Potential Deans Take the Podium
Jordan Lefaivre (3L) Natasha Edgar (3L) William Peachman (1L)
Last week the Faculty of Law hosted three candidates for the soon to be vacant Dean’s position. Each candidate had the opportunity to speak to faculty and students. Each of the candidates had a unique perspective regarding the role of Dean at this law school. The CV’s for all three candidates are available for viewing in the Dean’s office.
The first candidate, Cally Jordan, spoke on February 3. Jordan is an Associate Professor at Melbourne Law School with an interest in international finance. She is currently the only woman to apply for the job. Jordan was asked to center her presentation around three questions: What makes a successful faculty of law? What is high quality legal education? And finally, what would a successful five years as Dean look like?
Jordan spoke in broad terms in order to answer the questions. She emphasized that a successful faculty of law should stimulate intellectual excitement. Excitement is achieved by focusing on the interactions between faculty and students to create an environment where learning is interesting and engaging for both sides. She also mentioned intensive five day courses as a way to encourage academics to visit from all over the world and engage with the faculty and students here. These courses can help to combat “the tyranny of distance” – apparently a problem at Melbourne as well, by allowing the school to introduce new courses, ideas, and professors for short periods of time.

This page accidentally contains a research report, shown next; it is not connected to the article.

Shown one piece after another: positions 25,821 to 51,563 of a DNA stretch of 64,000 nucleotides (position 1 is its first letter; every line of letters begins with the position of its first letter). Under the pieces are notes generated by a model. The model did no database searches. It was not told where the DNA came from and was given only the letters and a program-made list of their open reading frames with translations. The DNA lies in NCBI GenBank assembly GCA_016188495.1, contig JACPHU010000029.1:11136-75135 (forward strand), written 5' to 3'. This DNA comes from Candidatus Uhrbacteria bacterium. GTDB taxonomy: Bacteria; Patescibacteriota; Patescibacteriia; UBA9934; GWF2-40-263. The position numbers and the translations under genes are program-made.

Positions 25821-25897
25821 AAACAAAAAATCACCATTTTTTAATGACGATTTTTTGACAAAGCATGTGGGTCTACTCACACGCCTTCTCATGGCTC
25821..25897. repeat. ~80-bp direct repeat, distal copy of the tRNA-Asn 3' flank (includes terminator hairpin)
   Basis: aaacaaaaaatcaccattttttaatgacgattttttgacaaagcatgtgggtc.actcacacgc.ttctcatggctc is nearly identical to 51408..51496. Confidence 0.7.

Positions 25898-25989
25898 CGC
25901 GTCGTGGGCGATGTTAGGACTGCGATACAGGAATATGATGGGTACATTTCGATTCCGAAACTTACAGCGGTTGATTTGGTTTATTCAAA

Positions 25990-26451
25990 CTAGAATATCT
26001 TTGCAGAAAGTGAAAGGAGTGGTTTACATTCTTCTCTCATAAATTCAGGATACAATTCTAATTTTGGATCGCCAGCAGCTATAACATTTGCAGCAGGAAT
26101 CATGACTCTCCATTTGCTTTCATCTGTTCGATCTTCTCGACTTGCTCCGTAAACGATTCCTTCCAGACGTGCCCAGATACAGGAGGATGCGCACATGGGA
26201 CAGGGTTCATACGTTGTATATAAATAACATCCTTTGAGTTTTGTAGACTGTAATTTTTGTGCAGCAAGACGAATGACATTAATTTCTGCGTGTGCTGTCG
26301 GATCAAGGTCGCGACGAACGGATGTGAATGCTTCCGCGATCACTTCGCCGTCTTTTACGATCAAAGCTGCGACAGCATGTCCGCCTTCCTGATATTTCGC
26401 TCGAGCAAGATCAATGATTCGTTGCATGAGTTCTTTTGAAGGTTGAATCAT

Jordan was aware of the fact that law school curriculum and teaching methods are likely to undergo changes in the coming years. What those changes will look like at U of A is still an open question and one that largely depends on who the next Dean is. Jordan did not offer specifics but suggested that clinical programs and experiential learning were likely to be popular models introduced in the near future.
The five year term as Dean was the focus of Jordan’s presentation. She highlighted some of the necessary qualities of a good leader in the faculty. She stressed that the Dean must put the institution first, display intellectual leadership, be empathetic, and charming with potential donors.
Jordan also emphasized the faculty’s role in implementing her vision. She hopes to draw on their experiences rather than implementing an outside strategy that may not work for our school. When asked why she wants to be Dean, Jordan answered simply that she was interested in legal education, and that the role of a Canadian law Dean still involves being an academic rather than just an administrator.